[0003] The invention described herein is illustrated by way of example and not by way of limitation in the accompanying figures. For simplicity and clarity of illustration, elements illustrated in the figures are not necessarily drawn to scale. For example, the dimensions of some elements may be exaggerated relative to other elements for clarity. Further, where considered appropriate, reference labels have been repeated among the figures to indicate corresponding or analogous elements. [0004] Fig. 1 shows an embodiment of a computer platform having a virtual machine monitor to change a scheduler. [0005] Fig. 2 shows an embodiment of a scheduler manager in the virtual machine monitor of Fig. 1. [0006] Fig. 3 shows an embodiment of a method of changing a scheduler in the virtual machine monitor of Fig. 1. [0007] Fig. 4 shows an embodiment of a method of handling a scheduling request by the scheduler changed in Fig. 3.

[0008] Fig. 5 shows an embodiment of a general computer platform having the virtual machine monitor of Fig. 1.

DETAILED DESCRIPTION

[0009] The following description describes techniques for changing a scheduler in a virtual machine monitor. In the following description, numerous specific details such as logic implementations, pseudo-code, means to specify operands, resource partitioning/sharing/duplication implementations, types and interrelationships of system components, and logic partitioning/integration choices are set forth in order to provide a more thorough understanding of the current invention. However, the invention may be practiced without such specific details. In other instances, control structures, gate level circuits and full software instruction sequences have not been shown in detail in order not to obscure the invention. Those of ordinary skill in the art, with the included descriptions, will be able to implement appropriate functionality without undue experimentation. [0010] References in the specification to "one embodiment", "an embodiment", "an example embodiment", etc., indicate that the embodiment described may include a particular feature, structure, or characteristic, but every embodiment may not necessarily include the particular feature, structure, or characteristic. Moreover, such phrases are not necessarily referring to the same embodiment. Further, when a particular feature, structure, or characteristic is described in connection with an embodiment, it is submitted that it is within the knowledge of one skilled in the art to effect such feature, structure, or characteristic in connection with other embodiments whether or not explicitly described.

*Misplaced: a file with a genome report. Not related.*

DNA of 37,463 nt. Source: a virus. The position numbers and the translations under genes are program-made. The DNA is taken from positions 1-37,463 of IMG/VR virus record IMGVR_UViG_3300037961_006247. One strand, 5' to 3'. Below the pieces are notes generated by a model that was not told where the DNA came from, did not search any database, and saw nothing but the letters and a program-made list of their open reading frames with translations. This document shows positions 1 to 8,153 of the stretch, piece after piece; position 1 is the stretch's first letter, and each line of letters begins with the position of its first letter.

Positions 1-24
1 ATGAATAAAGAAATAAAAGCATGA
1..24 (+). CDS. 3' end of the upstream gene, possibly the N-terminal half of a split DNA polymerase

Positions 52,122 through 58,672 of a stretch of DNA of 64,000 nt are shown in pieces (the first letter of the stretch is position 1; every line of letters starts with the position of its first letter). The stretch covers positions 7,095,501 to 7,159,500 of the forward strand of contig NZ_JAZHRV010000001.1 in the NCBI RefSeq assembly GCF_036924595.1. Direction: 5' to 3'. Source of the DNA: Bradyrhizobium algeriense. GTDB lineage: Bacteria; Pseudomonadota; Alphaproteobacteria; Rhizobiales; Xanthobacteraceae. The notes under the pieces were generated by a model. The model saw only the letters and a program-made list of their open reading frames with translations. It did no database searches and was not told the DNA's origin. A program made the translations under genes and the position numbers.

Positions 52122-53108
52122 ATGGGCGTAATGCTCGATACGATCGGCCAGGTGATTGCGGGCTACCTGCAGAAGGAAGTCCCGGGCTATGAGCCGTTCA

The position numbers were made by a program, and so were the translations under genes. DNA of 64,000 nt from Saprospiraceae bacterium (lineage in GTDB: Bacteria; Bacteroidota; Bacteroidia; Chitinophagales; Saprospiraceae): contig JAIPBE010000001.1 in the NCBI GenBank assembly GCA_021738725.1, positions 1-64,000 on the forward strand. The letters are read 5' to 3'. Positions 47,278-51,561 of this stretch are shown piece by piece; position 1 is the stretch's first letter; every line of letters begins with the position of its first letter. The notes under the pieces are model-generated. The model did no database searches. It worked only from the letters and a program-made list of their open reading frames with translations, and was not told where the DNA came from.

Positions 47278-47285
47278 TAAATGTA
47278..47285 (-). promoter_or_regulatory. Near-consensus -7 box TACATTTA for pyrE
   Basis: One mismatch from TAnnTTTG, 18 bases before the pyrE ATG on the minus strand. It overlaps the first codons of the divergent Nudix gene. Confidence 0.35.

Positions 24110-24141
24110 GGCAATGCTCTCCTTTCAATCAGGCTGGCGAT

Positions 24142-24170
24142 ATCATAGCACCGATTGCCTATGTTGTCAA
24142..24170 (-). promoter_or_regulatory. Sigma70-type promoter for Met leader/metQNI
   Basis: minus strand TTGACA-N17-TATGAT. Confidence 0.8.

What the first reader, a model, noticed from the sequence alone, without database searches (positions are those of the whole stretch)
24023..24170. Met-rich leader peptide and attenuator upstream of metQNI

[0011] Embodiments of the invention may be implemented in hardware, firmware, software, or any combination thereof. Embodiments of the invention may also be implemented as instructions stored on a machine-readable medium, that may be read and executed by one or more processors. A machine-readable medium may include any mechanism for storing or transmitting information in a form readable by a machine (e.g., a computing device). For example, a machine-readable medium may include read only memory (ROM); random access memory (RAM); magnetic disk storage media; optical storage media; flash memory devices; electrical, optical, acoustical or other forms of propagated signals (e.g., carrier waves, infrared signals, digital signals, etc.) and others.